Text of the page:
Mar. 19 – In a strategic move that underlines the dawning recognition of India’s growing wealth, the auto manufacturer Volvo, owned by Geely of China, is preparing a long term strategy for the Indian market which will concentrate on luxury cars.
In a statement to news agency PTI, Volvo Auto India MD Tomas Ernberg said the market for luxury cars in India has “the potential to grow fantastically”. He further stated that the company’s growth strategy was to focus on high net individuals.
Its sales last year of 812 luxury cars was an impressive 150 percent increase from 2011. The target for next year is 1100 cars, although the company predicts that they will overshoot this goal by some 300 cars. Continue reading
Feb. 20 – Motherson Sumi Systems, India’s largest auto parts manufacturer, is pursuing an aggressive expansion strategy and is looking to significantly increase its market share in China, Brazil and the United States. The company is already adding capacity to its China plants, which currently supply rear view mirrors, bumpers and body parts to Porsche and Volkswagen, and to its operations in Thailand, Brazil and Mexico. The company has a US$5 billion sales target for 2013.
“New volumes will come from developing countries,” said Motherson’s CEO, Pankaj Mital. Continue reading
Apr. 9 – India is the second fastest growing vehicle market in the world. The main reasons for this are its rising levels of disposable income and the country’s growing middle class. The passenger car density in India is still very low, 11 per 1,000 people, compared to 45 per 1,000 in China. However, while growth potential is plentiful, traffic congestion and pollution could crop up as problems in the future.
In 2011, fuel prices across India rose in response to the government’s raising of interest rates. Despite these unfavorable circumstances, and the fact that car sales fell in the second half of 2011, 2012 observers are optimistic about prospects for the local Indian vehicle market. Expectations are a rise in vehicle sales by 10 percent in 2012. Continue reading
Sept. 15 – The Indian government foresees Rs. 50,000 crore (US$10.54 billion) in private investments in the highways sector this fiscal as it awards contracts for building 7,300 kilometers (4,536 miles) of roads.
According to India’s Ministry of Road Transport and Highways, bids for about 4,600 kilometers have already been received or invited this year and the Ministry will award concessions for 7,300 kilometers before the year ends.
In the first four months of the current year, the government has awarded public-private partnership (PPP) projects with an investment of over Rs. 21,000 crore. The bids received are far better than estimated bids for these projects. This will give the government additional revenues of more than Rs. 10,000 crore. Continue reading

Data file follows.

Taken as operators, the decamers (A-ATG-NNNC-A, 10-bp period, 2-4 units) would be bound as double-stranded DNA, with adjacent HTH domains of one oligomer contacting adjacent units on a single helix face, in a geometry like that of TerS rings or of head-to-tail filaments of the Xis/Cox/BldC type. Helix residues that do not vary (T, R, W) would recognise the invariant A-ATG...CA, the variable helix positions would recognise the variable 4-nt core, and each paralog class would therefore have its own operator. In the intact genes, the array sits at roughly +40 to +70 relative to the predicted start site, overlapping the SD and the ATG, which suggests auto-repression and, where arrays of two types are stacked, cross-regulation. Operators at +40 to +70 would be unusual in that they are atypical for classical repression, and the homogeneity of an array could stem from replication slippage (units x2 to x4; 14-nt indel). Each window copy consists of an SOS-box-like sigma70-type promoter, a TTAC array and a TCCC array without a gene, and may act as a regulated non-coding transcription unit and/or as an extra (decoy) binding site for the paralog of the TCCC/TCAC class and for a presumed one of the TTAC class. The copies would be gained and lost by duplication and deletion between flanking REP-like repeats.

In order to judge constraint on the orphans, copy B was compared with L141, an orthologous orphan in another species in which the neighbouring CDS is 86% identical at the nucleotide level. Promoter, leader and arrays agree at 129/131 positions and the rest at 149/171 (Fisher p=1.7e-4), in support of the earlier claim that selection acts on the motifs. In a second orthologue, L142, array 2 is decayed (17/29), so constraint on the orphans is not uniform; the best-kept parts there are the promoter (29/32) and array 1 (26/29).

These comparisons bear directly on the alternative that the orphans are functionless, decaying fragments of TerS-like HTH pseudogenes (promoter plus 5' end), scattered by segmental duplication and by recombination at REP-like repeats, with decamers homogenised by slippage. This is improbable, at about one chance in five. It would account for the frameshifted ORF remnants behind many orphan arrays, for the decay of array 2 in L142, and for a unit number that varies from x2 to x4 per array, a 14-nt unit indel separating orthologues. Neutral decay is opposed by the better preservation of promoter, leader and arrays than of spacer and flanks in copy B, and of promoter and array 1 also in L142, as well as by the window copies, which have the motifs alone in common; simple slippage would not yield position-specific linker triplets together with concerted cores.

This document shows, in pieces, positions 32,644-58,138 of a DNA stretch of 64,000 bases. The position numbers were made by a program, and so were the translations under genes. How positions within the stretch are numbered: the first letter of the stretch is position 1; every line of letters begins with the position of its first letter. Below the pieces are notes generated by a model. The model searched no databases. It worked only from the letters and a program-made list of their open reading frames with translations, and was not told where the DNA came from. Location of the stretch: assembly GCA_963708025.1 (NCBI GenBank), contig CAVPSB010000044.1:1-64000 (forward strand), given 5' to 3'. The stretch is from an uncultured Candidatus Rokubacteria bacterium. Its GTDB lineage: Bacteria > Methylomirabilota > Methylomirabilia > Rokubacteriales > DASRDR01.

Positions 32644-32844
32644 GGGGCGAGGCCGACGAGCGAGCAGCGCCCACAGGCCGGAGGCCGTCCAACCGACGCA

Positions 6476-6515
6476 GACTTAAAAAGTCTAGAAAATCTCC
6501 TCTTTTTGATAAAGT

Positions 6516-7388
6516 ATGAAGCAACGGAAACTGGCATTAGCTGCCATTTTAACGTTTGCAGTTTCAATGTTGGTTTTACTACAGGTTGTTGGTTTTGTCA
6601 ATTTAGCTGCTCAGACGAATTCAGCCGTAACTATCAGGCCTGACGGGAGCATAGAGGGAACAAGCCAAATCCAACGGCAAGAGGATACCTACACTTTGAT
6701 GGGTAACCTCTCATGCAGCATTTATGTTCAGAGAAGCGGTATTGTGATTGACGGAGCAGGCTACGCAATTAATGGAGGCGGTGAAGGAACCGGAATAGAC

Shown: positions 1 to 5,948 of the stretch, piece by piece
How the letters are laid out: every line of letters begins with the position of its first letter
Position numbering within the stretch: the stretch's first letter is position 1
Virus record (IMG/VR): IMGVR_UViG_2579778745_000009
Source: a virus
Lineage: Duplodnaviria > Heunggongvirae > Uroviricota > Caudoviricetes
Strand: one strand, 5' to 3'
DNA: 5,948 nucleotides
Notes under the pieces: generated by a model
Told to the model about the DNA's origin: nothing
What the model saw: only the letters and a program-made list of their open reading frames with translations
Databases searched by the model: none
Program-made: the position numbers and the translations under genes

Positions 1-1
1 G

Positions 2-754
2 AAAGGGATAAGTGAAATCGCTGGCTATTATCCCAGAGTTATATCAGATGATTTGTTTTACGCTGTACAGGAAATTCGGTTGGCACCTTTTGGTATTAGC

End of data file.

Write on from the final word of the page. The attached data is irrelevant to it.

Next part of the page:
Jul. 29 – U.S. auto giant Ford said yesterday it would invest US$1 billion to build a vehicle assembly and engine plant in Gujarat as it increases production to exploit the country’s burgeoning car market. The new factory will employ around 5,000 workers and will be the firm’s second in India.
“Ford has very aggressive expansion plans in India and in Asia Pacific and Africa,” stated Joe Hinrichs, president of Ford Asia Pacific and Africa. Continue reading
Mar. 31 – Indian businesses have been busy recently signing new cooperations with foreign companies across the world. Here we provide a summary of some of the most important deals Indian companies have signed across several industries.
Ashok Leyland and Nissan unveil first LCV
India’s second largest heavy commercial vehicle manufacturer Ashok Leyland rolled out its first light commercial vehicle (LCV) Dost together with its partner, the Japan-headquartered automaker Nissan. As the current joint venture between the two companies covers cooperation in manufacturing, technology and power train for LCV production, in the future the two parties will likely expand their JV to include van design and development. Continue reading
Mar. 23 – India’s auto companies that import parts for their assembled car manufacturing may face a cost increase due to the country’s growing customs duty on pre-assembled parts and the expanded definition of semi-knocked down (SKD) kits.
The recent Indian 2011 budget proposal says that automakers that import pre-assembled components will need to pay a 60 percent customs duty, while the import duty for completely-knocked down (CKD) kits is only 10 percent. At the same time, the new proposal also set up a wider definition of SKD kits: not only is a pre-assembled engine, gearbox or transmission mechanism considered as an SKD kit, but now a body assembly coupled with an assembled engine, gearbox or transmission installed is also counted as an SKD kit. Since those two categories were previously classified as CKD kits, the definition alteration means auto companies that produce with those imported components will bear a higher customs duty. Continue reading
Feb. 22 – Luxury car-maker Rolls Royce has stated they will be expanding their network in India to take advantages of the new sales opportunities in the country. India is the manufacturer’s second-fastest growing market in Asia.
“India is one of the major markets for us in Asia, the second-fastest growing after China,” Rolls-Royce Motor Cars Chief Executive Officer Torsten Muller Otvos told reporters in Delhi. “We want to be present where our customers are, so we are looking at enhancing our distribution.” Continue reading